In 2005, the President’s Council on Bioethics convened to discuss alternative means of deriving pluripotent stem cells. Due to the nature of a blastocyst’s cellular organization, the original procedure to cultivate pluripotent stem cells lines involved the desegregation of blastomeres in developing embryos that necessitated their untimely death1. This process at its inception brought into question the ethics of using pluripotent stem cells derived from embryos, as it meant taking life to save life.
This controversy was brought to the attention of the general public and resulted in, then, President George W. Bush delivering a speech on August 9, 2001 announcing his policy decision to “allow [scientists] to explore the promise and potential of stem cell research without crossing a fundamental moral line, by providing taxpayer funding that would sanction or encourage further destruction of human embryos that have at least the potential for life.” In effect, he would allow scientific research to continue to be performed on stem cells lines that had been derived previous to that date, but would not support federally funding new stem cell lines2. Stem cell research made several minor advancements in spite of this policy, but the governmental limitations frustrated many scientists who looked to stem cells as a vast new area to be explored. Thus, the council’s main objective was to find a morally preferable way to derive healthy pluripotent cells3. Many alternatives were discussed at length, but one, I believe, has the most potential for future application.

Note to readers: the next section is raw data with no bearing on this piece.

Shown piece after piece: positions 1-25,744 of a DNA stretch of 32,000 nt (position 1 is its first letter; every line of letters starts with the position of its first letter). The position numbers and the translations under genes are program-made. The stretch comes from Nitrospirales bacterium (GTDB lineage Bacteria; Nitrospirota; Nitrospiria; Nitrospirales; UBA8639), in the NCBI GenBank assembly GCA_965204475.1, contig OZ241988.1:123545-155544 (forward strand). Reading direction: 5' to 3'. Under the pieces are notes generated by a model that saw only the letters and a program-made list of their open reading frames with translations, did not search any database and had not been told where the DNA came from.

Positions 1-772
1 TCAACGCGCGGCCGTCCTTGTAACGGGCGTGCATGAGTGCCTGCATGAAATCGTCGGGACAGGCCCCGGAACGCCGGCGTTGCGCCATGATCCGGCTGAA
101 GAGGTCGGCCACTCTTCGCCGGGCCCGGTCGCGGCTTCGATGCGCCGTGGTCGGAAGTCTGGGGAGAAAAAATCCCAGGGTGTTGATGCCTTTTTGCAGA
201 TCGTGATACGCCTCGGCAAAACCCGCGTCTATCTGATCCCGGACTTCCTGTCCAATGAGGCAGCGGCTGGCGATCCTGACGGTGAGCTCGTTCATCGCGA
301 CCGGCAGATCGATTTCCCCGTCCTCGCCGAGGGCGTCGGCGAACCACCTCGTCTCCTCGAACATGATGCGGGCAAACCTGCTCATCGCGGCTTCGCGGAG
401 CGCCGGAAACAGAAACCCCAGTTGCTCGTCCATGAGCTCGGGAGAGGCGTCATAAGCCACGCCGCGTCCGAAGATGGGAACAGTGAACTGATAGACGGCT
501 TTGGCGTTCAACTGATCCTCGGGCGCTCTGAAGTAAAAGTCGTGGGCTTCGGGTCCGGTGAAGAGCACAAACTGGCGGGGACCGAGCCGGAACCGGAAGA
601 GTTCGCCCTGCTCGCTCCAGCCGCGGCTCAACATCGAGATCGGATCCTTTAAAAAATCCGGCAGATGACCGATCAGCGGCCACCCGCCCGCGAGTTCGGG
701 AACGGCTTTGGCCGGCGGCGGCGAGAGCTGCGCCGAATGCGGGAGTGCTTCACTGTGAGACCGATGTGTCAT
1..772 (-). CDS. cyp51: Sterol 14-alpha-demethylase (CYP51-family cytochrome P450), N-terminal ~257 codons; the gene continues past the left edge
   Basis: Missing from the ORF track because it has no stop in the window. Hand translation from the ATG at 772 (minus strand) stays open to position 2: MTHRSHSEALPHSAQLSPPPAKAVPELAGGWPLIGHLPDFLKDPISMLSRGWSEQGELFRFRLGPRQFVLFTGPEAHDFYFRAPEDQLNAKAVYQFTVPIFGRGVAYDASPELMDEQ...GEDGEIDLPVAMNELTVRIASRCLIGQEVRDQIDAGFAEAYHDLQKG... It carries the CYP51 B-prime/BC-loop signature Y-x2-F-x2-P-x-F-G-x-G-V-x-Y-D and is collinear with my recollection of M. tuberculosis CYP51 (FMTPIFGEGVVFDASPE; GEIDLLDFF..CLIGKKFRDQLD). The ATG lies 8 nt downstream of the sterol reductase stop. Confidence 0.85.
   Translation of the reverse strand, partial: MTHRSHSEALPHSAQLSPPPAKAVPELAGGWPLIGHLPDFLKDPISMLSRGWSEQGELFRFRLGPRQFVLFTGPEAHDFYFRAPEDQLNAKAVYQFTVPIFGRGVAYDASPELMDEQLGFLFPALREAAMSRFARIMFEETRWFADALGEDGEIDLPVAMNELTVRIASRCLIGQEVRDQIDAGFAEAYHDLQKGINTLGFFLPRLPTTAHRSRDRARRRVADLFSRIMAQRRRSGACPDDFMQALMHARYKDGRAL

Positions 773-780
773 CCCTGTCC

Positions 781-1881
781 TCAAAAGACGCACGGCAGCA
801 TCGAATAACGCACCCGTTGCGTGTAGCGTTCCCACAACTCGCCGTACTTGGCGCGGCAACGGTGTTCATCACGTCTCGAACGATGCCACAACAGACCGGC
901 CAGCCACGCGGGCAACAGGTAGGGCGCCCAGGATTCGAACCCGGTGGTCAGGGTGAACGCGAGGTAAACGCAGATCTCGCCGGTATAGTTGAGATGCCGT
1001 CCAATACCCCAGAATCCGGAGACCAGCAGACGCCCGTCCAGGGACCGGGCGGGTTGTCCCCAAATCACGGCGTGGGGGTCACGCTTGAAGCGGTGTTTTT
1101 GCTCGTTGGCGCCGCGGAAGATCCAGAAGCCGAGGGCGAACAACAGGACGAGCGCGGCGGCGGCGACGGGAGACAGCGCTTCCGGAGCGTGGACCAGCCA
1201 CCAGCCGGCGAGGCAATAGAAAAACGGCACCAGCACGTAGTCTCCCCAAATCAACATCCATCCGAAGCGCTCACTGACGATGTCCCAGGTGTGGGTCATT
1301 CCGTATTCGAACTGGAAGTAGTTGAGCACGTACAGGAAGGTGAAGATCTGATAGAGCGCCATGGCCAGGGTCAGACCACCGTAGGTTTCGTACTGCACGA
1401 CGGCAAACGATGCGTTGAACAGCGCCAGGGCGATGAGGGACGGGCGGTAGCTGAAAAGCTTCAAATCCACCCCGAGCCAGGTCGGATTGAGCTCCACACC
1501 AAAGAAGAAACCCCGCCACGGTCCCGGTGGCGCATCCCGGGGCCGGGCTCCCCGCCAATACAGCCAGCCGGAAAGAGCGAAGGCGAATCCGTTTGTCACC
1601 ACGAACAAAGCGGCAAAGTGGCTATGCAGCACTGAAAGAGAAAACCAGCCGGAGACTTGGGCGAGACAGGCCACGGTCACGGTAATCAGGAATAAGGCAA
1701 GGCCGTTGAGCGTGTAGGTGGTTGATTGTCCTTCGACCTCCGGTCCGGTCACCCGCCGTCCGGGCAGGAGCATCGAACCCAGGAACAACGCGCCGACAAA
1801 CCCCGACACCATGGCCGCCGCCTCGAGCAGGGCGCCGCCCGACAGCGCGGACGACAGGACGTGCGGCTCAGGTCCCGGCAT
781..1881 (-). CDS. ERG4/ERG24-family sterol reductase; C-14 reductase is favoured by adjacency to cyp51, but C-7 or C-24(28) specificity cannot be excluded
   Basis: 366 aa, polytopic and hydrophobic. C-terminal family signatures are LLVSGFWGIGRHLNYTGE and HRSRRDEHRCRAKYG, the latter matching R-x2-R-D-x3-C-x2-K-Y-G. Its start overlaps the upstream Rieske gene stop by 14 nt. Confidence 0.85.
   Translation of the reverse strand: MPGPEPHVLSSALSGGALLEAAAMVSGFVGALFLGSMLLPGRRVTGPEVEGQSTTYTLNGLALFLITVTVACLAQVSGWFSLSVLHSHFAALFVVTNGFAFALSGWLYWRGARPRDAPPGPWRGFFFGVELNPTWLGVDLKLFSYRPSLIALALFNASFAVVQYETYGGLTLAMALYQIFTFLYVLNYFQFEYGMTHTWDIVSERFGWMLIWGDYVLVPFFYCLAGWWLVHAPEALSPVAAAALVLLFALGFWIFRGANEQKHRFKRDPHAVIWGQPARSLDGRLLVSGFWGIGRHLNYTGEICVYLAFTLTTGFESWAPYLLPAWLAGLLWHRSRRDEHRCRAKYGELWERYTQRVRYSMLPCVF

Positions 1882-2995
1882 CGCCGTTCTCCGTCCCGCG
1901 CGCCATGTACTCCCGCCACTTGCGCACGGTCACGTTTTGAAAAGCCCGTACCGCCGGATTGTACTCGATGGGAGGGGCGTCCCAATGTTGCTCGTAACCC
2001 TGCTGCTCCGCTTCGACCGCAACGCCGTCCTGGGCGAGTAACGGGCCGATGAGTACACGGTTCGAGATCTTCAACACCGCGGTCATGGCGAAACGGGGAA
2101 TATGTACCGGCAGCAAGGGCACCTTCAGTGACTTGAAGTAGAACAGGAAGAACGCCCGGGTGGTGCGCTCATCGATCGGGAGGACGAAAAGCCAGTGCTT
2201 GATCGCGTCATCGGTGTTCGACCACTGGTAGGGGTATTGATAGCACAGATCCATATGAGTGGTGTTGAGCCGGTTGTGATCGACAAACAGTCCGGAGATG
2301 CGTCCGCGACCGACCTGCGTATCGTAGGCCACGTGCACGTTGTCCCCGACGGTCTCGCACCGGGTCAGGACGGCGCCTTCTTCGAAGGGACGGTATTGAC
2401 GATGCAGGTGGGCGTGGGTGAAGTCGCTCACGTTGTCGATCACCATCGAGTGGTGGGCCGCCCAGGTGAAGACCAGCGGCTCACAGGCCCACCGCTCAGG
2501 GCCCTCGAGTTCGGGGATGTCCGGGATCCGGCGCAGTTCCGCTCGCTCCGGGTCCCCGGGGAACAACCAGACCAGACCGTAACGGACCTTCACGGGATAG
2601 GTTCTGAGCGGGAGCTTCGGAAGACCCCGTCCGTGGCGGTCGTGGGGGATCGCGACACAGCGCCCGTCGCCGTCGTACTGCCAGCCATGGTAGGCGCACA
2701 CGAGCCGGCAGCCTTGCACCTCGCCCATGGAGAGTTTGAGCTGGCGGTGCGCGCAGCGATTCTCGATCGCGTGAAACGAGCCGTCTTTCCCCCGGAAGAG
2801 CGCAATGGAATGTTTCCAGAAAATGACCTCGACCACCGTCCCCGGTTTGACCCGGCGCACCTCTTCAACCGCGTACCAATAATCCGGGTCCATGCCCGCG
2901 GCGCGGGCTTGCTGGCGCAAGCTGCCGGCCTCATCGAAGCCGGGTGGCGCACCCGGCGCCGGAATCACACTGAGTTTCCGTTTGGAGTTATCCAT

This alternative process of deriving pluripotent stem cells is the Landry-Zucker Proposal. Donald Landry and Howard Zucker of Columbia University, in their landmark review of the situation, advocated for the derivation of pluripotent stem cell lines using blastomeres surgically removed from organismically dead embryos. Drawing upon court rulings and legislative acts, they surmised that an embryo could be technically classified as dead once the cells lost the ability of “continued and integrated cellular division, growth, and differentiation.1” The idea is that even though the embryo has lost the opportunity for further development, some healthy individual cells remain and can potentially be harvested for cultivation. In some ways, this proposal is analogous to the removal of organs from a deceased human adult3.
Modern day IVF clinics contain a vast resource of healthy pluripotent stem cells that are currently left unutilized. Dr. Laverge at the Department of Obstetrics and Gynaecology at the University Hospital in Belgium found a significant percentage of embryos preserved by cryogenic storage in IVF clinics do not continue cellular cleavage after being thawed; or lack the capacity for continued growth and development. There is a host of articles relating to scientists concerns that the reason behind the cessation of cleavage is solely chromosomal abnormalities1 3. This raises a serious issue of practicality as only healthy, diploid blastomeres can be used to derive normal functioning pluripotent stem cells. Addressing this issue, Dr. Laverge’s study found that approximately 11 percent of the non-cleaving embryos do not contain chromosomal abnormalities and would be suitable for pluripotent stem cell removal4. In a separate experiment by Dr. Alikani of the Institute for Reproductive Medicine and Science of Saint Barnabas, 107 non-viable embryos were used to extract 247 individual cells. 33% of these cells were found to differentiate and continue normal cellular activity when placed in a living host embryo5. This constitutes a major supply of healthy stem cells without the ethical issues surrounding the extraction procedure.